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Daniil Trifonov's 'Rachmaninov Variations' Makes Iowa Public Radio's 2015 Mega-Meta-List

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Today's output of classical albums is (pardon me while I scribble on the back of an envelope) something like triple what it was a generation ago. I won't vouch for that exact ratio, but I will for Anne Midgette's description of how it feels: "Keeping up with the stream of new releases is like trying to drink from a fire hose." Now imagine trying to capture a hose's jet-spray in a bucket, and you'll see why making a classical "best-of-year" list in 2015 struck many writers as a thankless task, even a hopeless one. Yet that didn't stop more of us than ever from trying - perhaps enough of us to be called a crowd. Could that crowd, taken together, have some kind of collective wisdom?

That was more or less the premise behind my "Classical Mega-Meta-List" last year (inspired by economist /blogger Tyler Cowen). I tallied every "best of year" list I could find - a total of 36, comprising about 100 writers.  This year I found far more: 64 lists, with at least 160 contributors, which makes this year's meta-list 60-77% more mega. It's not surprising that almost twice as many releases made the final cut, defined by being chosen for more than three best-of-year lists. Last year, 28 albums reached that threshold; this year, 50 albums did. That's a 78% increase.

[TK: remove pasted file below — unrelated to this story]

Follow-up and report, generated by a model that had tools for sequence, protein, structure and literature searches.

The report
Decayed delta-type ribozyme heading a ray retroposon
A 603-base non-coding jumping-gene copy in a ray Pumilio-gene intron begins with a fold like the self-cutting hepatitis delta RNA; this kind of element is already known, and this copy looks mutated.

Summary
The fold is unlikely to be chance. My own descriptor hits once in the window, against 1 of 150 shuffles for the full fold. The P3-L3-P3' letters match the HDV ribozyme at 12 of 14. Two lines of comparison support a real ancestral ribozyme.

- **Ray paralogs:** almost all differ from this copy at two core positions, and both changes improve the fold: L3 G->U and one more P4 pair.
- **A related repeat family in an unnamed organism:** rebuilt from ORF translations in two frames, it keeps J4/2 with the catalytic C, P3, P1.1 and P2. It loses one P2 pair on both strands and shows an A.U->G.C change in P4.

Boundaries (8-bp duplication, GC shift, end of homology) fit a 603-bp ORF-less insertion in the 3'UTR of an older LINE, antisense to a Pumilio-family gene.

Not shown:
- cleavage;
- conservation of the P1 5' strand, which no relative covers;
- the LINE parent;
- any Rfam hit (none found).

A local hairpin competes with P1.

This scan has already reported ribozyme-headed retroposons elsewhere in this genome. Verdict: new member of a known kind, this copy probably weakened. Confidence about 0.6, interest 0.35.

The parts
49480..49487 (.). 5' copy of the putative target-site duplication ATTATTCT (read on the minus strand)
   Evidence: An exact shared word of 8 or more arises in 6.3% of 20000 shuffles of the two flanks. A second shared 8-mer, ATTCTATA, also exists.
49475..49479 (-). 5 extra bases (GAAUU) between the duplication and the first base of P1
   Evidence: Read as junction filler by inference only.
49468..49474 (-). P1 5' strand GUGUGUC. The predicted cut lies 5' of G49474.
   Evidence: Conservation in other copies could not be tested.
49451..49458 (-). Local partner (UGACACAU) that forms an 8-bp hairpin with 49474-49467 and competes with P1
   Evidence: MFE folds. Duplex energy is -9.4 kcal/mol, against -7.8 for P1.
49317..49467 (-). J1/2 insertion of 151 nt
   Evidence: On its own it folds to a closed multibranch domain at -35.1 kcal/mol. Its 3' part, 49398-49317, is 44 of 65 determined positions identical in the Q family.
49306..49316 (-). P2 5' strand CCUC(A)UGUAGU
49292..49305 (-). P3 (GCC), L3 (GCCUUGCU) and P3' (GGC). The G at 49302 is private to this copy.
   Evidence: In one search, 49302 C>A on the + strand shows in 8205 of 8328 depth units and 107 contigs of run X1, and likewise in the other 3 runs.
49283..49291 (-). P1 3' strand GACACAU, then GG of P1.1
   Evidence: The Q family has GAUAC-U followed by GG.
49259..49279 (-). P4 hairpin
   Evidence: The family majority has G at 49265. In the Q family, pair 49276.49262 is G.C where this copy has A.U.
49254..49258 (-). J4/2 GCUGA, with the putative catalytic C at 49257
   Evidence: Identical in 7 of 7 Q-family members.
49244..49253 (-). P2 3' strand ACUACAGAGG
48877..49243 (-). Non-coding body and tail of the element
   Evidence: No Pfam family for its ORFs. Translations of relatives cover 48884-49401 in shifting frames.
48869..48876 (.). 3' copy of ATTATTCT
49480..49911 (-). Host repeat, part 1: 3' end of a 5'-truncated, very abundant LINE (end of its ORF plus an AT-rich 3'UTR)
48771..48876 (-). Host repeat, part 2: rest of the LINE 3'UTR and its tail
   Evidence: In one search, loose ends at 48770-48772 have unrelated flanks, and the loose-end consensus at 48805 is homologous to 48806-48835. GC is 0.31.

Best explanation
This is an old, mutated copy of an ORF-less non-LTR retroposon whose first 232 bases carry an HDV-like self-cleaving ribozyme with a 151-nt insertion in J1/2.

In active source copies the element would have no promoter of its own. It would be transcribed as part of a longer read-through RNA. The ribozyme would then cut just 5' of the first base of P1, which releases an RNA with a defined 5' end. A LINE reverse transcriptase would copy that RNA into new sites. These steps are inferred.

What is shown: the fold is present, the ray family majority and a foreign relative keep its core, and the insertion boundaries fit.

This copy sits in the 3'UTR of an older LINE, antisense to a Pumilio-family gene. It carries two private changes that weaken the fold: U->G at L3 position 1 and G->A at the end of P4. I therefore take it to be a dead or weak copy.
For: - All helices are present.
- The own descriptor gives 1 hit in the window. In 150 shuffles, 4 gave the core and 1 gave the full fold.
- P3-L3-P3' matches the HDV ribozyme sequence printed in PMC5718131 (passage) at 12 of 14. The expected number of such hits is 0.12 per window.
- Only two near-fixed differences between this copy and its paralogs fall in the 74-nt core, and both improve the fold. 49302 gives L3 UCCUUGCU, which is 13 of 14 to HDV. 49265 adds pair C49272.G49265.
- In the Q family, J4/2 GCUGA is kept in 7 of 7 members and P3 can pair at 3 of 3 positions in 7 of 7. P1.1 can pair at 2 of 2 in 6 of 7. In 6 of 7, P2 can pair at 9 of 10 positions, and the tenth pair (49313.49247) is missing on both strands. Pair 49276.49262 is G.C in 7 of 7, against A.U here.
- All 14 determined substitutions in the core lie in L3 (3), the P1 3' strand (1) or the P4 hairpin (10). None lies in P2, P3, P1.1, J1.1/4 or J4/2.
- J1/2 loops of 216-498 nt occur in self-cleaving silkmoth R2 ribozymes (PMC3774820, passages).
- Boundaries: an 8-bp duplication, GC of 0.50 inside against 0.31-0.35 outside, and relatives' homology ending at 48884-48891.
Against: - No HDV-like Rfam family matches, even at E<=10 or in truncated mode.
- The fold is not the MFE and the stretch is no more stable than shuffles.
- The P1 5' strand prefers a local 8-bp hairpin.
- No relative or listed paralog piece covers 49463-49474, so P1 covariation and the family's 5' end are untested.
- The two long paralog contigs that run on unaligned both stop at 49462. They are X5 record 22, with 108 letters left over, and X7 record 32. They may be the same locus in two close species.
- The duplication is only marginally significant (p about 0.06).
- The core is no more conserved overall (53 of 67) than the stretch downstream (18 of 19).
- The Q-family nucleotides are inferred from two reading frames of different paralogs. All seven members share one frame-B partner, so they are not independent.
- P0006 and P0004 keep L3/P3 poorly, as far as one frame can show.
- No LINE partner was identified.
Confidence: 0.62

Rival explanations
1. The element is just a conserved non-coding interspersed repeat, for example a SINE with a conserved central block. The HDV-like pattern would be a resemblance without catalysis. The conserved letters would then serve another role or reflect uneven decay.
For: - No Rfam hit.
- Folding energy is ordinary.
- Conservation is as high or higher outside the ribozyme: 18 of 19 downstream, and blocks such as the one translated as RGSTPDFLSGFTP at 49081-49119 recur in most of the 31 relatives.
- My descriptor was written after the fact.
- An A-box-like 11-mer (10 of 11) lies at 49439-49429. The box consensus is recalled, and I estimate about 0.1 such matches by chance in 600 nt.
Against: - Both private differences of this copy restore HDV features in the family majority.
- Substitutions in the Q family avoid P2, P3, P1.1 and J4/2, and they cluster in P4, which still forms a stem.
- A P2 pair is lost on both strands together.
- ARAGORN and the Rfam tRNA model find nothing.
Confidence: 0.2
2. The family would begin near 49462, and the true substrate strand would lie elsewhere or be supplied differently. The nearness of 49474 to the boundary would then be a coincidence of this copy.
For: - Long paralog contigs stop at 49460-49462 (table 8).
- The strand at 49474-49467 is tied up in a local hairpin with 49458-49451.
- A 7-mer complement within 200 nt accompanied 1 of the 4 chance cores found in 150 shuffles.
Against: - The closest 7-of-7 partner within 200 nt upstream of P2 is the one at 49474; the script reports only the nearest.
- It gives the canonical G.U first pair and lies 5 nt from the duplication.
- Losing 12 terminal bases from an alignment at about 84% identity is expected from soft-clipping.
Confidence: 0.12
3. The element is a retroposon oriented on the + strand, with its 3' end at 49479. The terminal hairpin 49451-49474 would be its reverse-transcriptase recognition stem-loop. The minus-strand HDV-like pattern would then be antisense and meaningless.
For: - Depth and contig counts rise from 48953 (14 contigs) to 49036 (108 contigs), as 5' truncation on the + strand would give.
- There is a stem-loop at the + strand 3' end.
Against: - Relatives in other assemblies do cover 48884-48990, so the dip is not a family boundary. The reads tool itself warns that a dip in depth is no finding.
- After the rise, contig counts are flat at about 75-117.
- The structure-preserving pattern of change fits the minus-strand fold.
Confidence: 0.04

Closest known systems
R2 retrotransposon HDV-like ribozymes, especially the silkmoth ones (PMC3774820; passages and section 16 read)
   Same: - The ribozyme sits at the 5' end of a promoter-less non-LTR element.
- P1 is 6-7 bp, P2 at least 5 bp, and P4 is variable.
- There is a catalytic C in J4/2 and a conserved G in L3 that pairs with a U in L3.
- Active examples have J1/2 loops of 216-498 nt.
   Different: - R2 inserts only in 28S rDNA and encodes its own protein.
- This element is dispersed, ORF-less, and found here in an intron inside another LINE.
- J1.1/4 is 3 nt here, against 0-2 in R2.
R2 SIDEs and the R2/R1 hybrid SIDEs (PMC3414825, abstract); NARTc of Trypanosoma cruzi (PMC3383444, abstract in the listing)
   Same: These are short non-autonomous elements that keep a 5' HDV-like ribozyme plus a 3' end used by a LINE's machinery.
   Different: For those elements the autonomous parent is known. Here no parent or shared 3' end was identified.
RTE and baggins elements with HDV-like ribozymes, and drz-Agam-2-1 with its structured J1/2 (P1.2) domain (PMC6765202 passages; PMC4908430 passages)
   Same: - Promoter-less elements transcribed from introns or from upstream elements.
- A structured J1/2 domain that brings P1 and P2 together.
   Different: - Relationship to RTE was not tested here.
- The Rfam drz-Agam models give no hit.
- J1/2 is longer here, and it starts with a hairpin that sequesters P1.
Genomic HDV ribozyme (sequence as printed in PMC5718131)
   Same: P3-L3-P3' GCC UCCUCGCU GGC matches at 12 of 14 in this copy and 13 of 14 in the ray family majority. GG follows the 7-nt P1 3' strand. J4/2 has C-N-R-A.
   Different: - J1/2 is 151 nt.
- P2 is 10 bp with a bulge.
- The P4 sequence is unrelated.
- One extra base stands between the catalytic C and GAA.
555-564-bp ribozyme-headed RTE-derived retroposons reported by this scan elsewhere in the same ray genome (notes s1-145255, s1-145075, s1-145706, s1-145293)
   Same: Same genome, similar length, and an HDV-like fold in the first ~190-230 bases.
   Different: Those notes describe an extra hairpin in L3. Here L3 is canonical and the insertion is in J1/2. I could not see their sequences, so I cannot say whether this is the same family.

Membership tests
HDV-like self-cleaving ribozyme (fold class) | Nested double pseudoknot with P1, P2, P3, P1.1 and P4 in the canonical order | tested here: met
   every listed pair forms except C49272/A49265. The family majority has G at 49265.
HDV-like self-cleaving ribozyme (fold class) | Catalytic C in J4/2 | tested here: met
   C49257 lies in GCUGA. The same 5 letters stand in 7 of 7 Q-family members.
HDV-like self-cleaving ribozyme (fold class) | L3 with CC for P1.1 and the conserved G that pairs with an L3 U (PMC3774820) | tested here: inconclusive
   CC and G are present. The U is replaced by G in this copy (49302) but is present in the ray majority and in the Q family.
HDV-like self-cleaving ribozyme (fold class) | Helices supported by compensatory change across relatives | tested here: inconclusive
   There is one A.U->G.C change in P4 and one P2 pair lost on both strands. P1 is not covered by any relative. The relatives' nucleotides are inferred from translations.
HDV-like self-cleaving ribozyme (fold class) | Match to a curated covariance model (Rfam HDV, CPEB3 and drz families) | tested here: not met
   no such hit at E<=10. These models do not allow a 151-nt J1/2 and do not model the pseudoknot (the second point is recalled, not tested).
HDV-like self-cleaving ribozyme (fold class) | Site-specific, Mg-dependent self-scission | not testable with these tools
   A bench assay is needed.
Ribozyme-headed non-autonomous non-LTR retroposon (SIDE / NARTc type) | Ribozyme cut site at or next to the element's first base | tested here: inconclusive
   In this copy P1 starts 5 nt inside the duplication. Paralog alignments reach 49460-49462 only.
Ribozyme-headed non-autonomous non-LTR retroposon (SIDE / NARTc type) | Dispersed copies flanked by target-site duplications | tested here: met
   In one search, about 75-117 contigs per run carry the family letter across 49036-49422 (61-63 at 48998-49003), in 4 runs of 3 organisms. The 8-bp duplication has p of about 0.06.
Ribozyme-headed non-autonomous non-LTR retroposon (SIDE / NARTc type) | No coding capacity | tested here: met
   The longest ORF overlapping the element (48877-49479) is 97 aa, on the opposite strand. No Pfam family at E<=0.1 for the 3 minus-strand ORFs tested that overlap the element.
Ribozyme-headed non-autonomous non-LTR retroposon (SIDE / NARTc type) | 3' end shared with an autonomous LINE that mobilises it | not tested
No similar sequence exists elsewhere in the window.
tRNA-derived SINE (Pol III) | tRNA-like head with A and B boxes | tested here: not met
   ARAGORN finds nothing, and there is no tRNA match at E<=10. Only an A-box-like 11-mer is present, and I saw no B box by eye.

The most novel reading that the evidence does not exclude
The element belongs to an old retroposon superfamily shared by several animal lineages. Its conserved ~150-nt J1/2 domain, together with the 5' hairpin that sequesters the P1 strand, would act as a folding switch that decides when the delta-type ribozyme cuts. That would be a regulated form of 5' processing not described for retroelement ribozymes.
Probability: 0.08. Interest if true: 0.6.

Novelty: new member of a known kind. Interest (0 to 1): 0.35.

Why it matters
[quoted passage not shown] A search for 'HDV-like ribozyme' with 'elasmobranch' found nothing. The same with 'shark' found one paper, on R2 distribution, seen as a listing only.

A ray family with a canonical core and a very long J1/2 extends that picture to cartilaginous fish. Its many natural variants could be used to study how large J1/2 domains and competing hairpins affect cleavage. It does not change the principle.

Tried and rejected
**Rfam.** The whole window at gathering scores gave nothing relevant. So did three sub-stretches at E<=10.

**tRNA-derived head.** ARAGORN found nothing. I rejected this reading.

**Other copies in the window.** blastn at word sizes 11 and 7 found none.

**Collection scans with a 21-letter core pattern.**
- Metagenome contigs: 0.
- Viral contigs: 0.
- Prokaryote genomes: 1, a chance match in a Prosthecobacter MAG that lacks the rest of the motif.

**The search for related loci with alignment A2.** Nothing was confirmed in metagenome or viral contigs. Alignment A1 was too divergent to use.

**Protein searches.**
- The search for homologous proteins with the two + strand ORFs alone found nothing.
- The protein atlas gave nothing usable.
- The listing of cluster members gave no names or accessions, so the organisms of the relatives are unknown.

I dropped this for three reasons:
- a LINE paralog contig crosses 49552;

Daniil Trifonov's 'Rachmaninov Variations' received more than 12 votes in this pole.

The other Russian-born pianist in the Top Five, Daniil Trifonov, is getting a doctorate in composition in Cleveland. To this recording of the complete variations by Rachmaninoff, he adds a composition of his own,Rachmaniana, making him one of several artists on the list who is breaking down the strict division between specializing in composing and specializing in performing. (That division didn't exist in Mozart's day, and Rachmaninoff was equally renowned in both spheres, as few artists were to be in the later 20th century.) As for the performing here, Trifonov is one of those magicians who can make the piano sound like it's coming from a transcendent sphere, but he is also a fluent musical thinker who conveys the play of Rachmaninoff's imagination.  It's a great recording, and the Philadelphia Orchestra is an example of an American orchestral renaissance.

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